Thanks to Mary Drost for this one – Marvelous Melbourne

Great Slogan  –    NO GAIN WITHOUT TRAIN.    This has been obvious for years.   Goes back to the birth of the failed  Government Strategy, the hated Melbourne 2030 brought in by the Bracks/Brumby Government about 12 – 13 years ago.    This plan was to increase the population without increasing infrastructure.   A sure recipe for disaster, just look at the third world cities to find out the result.    Their idea was to build around the  railway stations and use the existing  infrastructure.  They named a large number of centres as Principle and Major  so called Activity Centres, in areas where there were stations, including Doncaster.   But hold on, Doncaster does not have a railway station.  So why was it called an Activity Centre   when it does not even have trams.   OF course it does have a freeway  but then we were told to use public transport and not cars.  No wonder that  most developments  never get off the ground. Obviously cant sell them.

Now there is a new government and a new proposal to solve the infrastructure problem.   The plan is to put a road tunnel at the city end of the Doncaster  Freeway and put the wanted train on the back burner.

Interesting thing about Doncaster is that they had the first tram   – on  Tram Road, going to Box Hill.   Also  the North Balwyn  Tram could be extended to  Doncaster.  Or better still the Freeway was designed to add a train line.

So put the train in first and the toll  road on the back burner.

Which brings us  back to the slogan



6 Responses to “NO GAIN WITHOUT TRAIN”

  1. Arthur Whittaker says:

    The above analogy could be used to explain why Manningham Council’s much vaunted high rise/high density Doncaster Hill strategy and the surrounding lower scale DDO8 are now flagging and hopelessly behind schedule. The authors have ignored the proven basic essential ..A RAILWAY STATION.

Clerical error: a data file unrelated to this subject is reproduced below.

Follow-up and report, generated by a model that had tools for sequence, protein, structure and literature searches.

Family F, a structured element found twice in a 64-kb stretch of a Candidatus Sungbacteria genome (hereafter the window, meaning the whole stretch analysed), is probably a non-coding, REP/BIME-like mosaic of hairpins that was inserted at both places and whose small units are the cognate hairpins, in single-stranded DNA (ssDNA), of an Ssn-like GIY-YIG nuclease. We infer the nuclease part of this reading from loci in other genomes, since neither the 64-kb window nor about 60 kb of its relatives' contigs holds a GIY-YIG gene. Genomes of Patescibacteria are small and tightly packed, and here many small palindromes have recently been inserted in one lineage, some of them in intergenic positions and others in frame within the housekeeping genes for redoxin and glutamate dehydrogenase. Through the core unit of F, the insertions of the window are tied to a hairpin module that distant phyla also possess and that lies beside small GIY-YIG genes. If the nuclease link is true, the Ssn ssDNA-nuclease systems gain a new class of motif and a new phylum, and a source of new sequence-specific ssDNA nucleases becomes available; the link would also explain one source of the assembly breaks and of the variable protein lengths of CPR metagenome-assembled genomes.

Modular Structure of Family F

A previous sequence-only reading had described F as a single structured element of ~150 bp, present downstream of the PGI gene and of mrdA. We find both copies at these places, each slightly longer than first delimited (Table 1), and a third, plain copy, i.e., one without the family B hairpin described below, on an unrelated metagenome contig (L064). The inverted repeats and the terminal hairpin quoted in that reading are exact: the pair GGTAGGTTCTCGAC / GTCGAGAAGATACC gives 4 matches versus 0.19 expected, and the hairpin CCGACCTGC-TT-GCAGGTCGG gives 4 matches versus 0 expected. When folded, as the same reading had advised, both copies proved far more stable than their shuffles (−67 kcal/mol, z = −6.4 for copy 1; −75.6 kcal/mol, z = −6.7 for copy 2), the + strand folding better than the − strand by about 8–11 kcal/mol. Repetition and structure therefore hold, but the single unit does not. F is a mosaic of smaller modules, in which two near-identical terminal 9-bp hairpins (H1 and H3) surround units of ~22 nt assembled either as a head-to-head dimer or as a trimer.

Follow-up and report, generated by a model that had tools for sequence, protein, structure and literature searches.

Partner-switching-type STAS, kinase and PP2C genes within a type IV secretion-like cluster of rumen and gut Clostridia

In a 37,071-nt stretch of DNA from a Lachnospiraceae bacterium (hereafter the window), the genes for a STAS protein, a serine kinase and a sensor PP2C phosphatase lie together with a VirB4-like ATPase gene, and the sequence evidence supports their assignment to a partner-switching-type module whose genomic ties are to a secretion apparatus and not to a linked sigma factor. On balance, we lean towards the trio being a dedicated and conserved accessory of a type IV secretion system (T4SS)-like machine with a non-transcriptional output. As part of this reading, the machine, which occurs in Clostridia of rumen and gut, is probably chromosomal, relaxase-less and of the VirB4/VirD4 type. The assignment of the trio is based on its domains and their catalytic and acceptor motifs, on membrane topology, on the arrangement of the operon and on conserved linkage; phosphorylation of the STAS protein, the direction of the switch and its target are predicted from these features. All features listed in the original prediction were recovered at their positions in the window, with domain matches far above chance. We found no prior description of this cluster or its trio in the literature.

It seems incredible that Manningham Council would progress towards planning without a guarantee of appropriate public transport (TRAIN), especially since Doncaster Hill, a principal Activity Centre, was to be a major part of and vital to government’s grand plan, celebrated as the “jewel in the crown” of their disastrous Melbourne 2030. At a council meeting in 2006, when questioned why it did not seek a “cast iron” guarantee from the state government it would deliver appropriate public transport if the Doncaster Hill strategy was adopted, Council confirmed it was never considered. The then planning and environmental director said; “I don’t think any state government could give that because they are only in office for a short number of years and couldn’t guarantee it would be delivered,” he said.
    Arthur Whittaker

  2. Hillary H. says:

    The estimated cost of up to $1 Billion Dollars and the low expected patronage figures, would appear to be the two main reasons why a station at Doncaster Hill cannot be justified. There is no substitute for a train in regard to speed and the ability to move large numbers. A Bus can carry up to 62 passengers which includes 42 seated, compared to 800 passengers on a four carriage train. Melbourne will have to move towards higher capacity trains, if it is to meet expected demand in the coming years. Especially to service the massive growth and car driven areas such as Point Cook, west to Melton, Wallan in the north and to Baxter in the south. By comparison, Doncaster Hill, with less than 500 apartments delivered over an 11 year period, can hardly be regarded as a growth area.
    Hillary H.

  3. Barbara says: